Outback Patrol
Home Page of Australia's Outback Patrol
Home Page Site Map Opportunity Down Under About Outback Patrol Contact Us
Email Share and/or Bookmark

Flying Lessons From Geese

As each bird flaps its wings, it creates an uplift for others behind him. There is seventy-one percent more flying range in the V-formation, than flying alone.

• People who share a common direction and sense of common purpose, can get there quicker.

Whenever a Goose flies out of formation, it quickly feels the drag and tries to get back into position.

• It's harder to do something alone than together.

When the lead Goose gets tired it rotates back into the formation and another Goose flies at the head of the V-formation.

• Shared leadership and interdependence gives us each a chance to lead as well as opportunities to rest.

The Geese in formation honk from behind to encourage those up front to keep up their speed.

• We need to make sure our honking is encouraging and not discouraging.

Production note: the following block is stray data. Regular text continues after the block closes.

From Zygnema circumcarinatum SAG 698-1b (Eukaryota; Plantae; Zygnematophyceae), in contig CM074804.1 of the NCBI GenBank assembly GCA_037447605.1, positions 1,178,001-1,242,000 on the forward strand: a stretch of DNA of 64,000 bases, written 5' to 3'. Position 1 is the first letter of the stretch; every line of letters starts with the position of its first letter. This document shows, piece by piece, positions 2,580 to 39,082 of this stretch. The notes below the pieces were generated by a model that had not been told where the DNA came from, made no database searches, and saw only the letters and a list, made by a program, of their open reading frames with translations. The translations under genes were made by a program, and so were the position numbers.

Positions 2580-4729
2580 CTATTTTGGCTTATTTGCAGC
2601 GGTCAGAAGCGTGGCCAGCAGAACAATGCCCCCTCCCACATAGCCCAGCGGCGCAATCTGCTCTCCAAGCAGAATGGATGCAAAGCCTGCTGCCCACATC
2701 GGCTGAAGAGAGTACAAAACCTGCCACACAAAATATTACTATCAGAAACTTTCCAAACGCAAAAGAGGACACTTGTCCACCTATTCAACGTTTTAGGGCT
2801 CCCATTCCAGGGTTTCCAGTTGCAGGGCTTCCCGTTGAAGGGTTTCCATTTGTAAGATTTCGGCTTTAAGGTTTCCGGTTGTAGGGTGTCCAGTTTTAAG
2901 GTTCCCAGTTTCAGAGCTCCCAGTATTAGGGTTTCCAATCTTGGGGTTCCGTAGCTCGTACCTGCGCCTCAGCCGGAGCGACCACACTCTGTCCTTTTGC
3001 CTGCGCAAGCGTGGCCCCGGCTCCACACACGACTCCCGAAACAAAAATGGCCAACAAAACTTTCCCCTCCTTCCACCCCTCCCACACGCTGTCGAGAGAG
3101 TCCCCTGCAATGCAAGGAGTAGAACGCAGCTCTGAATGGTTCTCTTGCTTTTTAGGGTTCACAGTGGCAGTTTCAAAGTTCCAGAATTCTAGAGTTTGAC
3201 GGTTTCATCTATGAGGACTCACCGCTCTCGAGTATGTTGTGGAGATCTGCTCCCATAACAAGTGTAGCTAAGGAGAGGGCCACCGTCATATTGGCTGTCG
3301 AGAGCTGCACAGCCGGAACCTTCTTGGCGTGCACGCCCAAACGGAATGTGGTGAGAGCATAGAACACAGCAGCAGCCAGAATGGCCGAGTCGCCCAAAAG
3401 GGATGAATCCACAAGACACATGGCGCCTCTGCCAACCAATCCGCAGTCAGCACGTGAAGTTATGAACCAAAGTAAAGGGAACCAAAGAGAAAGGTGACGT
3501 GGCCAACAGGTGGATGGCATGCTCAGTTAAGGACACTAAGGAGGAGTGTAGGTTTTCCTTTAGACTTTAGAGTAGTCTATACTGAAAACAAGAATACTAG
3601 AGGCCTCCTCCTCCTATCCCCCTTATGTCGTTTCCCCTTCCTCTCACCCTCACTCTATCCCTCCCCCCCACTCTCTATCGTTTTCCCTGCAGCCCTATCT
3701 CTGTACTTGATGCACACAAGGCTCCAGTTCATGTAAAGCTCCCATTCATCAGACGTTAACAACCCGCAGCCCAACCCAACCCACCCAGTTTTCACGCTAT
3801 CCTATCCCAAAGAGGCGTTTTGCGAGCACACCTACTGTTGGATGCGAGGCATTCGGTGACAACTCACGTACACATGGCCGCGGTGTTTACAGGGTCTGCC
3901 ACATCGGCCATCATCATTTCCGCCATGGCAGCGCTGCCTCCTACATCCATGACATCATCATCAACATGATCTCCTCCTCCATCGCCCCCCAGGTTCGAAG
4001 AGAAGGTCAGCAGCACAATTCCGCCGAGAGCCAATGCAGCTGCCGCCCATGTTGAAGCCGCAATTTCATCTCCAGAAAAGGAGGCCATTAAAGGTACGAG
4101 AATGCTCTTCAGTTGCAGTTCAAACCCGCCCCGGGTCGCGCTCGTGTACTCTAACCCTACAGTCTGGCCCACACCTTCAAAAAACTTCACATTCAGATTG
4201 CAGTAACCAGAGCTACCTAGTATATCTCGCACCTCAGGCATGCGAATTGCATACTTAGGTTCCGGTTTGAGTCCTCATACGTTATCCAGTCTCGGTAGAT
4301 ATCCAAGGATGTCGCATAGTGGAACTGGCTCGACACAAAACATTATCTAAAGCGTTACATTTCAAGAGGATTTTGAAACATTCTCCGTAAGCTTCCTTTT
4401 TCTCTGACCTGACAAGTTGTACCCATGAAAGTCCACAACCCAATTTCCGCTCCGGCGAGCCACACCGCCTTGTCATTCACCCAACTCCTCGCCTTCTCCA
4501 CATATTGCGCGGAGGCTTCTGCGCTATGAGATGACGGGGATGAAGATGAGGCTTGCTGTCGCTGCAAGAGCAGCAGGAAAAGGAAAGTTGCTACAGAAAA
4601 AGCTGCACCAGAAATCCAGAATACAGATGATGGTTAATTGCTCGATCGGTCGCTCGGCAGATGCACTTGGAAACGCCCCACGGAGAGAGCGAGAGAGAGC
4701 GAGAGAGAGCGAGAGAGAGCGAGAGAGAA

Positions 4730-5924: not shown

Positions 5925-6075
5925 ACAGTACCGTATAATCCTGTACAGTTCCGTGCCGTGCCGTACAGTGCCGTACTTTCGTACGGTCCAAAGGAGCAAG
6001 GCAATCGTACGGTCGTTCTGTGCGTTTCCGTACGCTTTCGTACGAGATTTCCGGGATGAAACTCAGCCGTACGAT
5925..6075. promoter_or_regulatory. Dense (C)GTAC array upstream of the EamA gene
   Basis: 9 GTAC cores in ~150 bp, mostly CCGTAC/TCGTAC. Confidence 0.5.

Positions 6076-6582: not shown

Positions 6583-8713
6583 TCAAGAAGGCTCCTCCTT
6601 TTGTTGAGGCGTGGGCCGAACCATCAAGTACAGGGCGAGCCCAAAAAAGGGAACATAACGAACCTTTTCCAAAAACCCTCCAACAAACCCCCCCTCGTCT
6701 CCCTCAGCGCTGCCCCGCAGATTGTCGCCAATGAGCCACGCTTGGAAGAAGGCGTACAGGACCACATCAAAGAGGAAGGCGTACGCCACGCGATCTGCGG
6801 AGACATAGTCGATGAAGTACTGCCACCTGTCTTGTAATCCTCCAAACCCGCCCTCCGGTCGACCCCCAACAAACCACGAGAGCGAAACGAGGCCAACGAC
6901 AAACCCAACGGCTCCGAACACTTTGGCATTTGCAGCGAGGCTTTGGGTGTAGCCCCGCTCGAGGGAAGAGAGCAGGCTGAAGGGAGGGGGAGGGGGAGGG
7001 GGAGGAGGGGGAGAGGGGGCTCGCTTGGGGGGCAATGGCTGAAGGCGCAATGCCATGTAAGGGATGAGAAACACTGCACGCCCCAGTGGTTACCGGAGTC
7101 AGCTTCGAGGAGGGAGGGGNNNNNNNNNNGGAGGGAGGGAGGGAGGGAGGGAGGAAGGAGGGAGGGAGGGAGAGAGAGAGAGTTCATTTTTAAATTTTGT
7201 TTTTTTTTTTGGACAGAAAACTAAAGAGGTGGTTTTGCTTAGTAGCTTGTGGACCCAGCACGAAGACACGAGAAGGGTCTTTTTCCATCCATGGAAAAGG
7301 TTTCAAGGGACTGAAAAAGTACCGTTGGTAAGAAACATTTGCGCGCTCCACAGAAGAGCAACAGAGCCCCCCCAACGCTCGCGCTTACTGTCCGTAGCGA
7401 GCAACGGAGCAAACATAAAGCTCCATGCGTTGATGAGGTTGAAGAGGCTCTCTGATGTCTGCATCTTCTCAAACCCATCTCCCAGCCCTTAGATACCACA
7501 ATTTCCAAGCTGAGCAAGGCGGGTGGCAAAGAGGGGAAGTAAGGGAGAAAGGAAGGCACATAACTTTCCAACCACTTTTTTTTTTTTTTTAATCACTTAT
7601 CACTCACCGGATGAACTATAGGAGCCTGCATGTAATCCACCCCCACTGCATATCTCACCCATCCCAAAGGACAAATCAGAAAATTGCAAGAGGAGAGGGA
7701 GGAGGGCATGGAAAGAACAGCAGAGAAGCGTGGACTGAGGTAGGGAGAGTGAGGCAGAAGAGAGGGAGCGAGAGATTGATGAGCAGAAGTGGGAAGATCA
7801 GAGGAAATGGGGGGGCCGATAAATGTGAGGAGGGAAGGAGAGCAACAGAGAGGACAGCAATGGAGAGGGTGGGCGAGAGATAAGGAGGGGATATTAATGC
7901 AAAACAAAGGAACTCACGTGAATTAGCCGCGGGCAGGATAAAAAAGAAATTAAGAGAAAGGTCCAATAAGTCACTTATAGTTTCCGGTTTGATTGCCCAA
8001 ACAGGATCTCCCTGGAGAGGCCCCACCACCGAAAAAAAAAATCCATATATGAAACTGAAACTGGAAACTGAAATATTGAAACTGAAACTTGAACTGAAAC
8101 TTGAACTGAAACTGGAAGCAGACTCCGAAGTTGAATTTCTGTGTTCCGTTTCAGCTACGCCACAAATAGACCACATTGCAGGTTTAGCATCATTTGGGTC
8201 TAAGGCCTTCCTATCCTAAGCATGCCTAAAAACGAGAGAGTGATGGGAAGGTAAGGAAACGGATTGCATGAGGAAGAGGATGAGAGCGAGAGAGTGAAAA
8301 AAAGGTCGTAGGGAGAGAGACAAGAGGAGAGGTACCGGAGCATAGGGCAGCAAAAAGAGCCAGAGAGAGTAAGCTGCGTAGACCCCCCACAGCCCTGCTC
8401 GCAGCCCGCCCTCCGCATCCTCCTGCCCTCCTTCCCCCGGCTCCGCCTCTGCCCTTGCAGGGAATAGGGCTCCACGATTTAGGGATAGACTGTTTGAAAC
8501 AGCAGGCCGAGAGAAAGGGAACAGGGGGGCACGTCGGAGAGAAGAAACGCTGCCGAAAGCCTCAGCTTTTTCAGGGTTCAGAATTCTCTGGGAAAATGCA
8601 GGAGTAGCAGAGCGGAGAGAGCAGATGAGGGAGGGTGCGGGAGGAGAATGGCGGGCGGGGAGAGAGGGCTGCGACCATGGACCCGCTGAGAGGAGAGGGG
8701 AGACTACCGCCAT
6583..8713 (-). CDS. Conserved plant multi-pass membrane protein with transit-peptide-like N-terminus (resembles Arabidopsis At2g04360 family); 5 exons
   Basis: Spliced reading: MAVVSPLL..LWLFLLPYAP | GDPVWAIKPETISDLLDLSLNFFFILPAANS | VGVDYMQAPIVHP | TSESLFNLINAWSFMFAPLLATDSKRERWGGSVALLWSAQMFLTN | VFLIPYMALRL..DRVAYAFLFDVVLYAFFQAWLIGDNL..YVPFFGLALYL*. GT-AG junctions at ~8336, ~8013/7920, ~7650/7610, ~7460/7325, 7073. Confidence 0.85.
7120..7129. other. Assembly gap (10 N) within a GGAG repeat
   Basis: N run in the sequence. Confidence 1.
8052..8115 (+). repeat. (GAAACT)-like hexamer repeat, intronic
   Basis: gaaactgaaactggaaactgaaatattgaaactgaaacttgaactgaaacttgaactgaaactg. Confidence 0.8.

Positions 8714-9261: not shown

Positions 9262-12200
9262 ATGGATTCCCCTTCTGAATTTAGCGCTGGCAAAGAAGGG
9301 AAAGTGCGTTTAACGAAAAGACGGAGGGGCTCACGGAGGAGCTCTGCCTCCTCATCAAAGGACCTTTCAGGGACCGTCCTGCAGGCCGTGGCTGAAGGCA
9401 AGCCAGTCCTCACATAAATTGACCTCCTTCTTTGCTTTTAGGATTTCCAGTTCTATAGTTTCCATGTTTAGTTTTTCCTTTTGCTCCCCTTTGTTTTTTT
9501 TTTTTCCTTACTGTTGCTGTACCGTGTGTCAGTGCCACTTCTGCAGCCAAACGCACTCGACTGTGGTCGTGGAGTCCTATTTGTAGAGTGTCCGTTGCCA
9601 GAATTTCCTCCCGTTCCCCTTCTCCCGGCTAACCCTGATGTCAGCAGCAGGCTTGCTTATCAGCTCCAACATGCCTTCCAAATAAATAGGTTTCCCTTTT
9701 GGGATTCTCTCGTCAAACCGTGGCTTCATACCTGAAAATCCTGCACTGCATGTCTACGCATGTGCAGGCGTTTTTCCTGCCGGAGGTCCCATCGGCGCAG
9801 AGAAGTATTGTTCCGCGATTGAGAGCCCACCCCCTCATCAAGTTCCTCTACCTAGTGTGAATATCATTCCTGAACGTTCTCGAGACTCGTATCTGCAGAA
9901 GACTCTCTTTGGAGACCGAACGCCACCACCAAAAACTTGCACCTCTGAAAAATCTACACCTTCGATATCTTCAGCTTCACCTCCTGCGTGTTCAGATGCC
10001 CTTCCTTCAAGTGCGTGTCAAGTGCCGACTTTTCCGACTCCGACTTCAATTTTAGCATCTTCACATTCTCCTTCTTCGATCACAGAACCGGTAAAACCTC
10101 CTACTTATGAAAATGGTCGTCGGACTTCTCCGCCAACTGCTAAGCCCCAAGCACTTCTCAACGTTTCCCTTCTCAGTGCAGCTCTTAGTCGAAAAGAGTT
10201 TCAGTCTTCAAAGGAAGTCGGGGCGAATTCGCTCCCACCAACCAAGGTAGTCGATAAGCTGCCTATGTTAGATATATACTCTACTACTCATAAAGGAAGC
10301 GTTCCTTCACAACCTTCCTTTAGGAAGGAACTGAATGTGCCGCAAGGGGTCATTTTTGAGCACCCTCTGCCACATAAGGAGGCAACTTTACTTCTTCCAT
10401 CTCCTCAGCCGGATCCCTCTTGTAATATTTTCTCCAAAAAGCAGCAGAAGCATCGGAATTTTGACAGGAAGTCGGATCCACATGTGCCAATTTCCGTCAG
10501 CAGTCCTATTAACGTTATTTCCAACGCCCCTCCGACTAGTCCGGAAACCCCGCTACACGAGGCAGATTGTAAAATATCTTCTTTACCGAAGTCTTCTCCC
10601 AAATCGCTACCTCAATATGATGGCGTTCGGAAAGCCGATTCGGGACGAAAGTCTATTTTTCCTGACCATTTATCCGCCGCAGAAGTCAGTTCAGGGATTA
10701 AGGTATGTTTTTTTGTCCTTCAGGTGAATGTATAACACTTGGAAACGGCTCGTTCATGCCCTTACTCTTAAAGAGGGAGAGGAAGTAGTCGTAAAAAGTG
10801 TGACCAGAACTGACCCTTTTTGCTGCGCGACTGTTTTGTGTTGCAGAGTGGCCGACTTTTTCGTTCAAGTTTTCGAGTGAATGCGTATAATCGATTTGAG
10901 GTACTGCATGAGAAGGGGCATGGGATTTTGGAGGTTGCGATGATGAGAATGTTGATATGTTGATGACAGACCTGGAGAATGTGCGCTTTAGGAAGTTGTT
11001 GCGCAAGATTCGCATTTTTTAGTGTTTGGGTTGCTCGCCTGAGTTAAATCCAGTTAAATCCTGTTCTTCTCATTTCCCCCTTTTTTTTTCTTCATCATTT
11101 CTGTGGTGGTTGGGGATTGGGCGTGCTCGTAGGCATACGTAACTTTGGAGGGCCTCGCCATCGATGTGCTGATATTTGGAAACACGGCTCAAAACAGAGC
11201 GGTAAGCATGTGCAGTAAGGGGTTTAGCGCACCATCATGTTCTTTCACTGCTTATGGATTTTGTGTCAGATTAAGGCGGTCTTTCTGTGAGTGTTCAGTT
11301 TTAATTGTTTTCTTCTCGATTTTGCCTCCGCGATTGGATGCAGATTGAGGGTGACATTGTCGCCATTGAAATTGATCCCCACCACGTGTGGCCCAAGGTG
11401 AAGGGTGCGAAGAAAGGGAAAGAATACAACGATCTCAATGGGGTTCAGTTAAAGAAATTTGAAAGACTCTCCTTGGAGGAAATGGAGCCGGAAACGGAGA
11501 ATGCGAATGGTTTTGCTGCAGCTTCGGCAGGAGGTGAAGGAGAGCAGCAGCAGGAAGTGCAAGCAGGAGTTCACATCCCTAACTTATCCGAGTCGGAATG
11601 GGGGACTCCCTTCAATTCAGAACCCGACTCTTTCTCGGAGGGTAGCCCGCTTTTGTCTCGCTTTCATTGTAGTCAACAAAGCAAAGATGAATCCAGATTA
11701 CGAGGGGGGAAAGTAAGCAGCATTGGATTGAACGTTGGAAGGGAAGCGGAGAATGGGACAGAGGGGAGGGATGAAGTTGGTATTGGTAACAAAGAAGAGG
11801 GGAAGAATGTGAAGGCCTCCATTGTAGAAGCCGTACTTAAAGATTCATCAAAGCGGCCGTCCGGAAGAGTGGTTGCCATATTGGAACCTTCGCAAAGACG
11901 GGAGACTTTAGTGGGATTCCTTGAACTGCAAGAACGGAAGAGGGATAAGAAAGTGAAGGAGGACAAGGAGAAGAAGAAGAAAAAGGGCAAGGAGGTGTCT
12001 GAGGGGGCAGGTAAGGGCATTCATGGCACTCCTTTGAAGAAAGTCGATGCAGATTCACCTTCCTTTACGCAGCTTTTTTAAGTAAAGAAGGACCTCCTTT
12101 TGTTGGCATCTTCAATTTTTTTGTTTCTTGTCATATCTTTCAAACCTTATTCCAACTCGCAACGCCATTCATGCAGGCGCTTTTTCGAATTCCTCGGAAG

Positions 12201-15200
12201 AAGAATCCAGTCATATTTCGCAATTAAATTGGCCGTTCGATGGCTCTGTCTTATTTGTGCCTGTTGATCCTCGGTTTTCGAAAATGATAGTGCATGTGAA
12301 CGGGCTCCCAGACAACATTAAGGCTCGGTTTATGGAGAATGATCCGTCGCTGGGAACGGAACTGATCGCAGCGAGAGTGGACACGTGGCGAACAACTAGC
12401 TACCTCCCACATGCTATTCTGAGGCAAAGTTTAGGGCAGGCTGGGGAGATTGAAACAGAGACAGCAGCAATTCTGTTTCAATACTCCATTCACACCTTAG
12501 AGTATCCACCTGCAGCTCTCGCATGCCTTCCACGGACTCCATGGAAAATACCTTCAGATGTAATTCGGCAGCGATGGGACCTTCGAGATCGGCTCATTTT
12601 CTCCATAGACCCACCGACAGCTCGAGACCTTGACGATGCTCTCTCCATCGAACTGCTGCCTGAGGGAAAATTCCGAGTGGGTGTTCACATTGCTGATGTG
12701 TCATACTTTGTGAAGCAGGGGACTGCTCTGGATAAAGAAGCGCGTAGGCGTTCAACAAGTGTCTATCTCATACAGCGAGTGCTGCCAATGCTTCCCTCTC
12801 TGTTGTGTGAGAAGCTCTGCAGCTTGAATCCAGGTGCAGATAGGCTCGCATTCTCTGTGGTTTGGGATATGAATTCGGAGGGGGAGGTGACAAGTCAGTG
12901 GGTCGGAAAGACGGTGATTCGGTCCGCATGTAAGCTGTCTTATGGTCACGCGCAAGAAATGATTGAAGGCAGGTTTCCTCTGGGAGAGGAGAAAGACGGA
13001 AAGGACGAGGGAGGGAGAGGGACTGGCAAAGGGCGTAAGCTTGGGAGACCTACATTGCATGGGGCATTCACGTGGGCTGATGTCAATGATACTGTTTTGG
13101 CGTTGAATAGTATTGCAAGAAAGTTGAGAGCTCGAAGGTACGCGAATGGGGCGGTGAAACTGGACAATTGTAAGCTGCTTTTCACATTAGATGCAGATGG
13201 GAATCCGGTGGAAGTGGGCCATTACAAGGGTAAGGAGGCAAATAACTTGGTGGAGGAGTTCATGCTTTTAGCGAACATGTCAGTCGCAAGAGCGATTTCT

When a Goose gets sick or wounded and falls, two Geese fall out and stay with it until it revives of dies. Then they catch up or join another flock.

• Stand by your colleagues in difficult times as well as good.

    Back to Return to previous page Previous Page    

Remember: 'Don't back out on the outback!'

Opportunity down under Go to our opportunity down under page.

Home Page Back to Outback Patrol's Home Page.

Site Map   Top
Outback Patrol footer
Report Problems to  
36 Georges Crescent, Georges Hall, NSW, Australia 2198
All pages in this site © Copyright 2005-2019 by Outback Patrol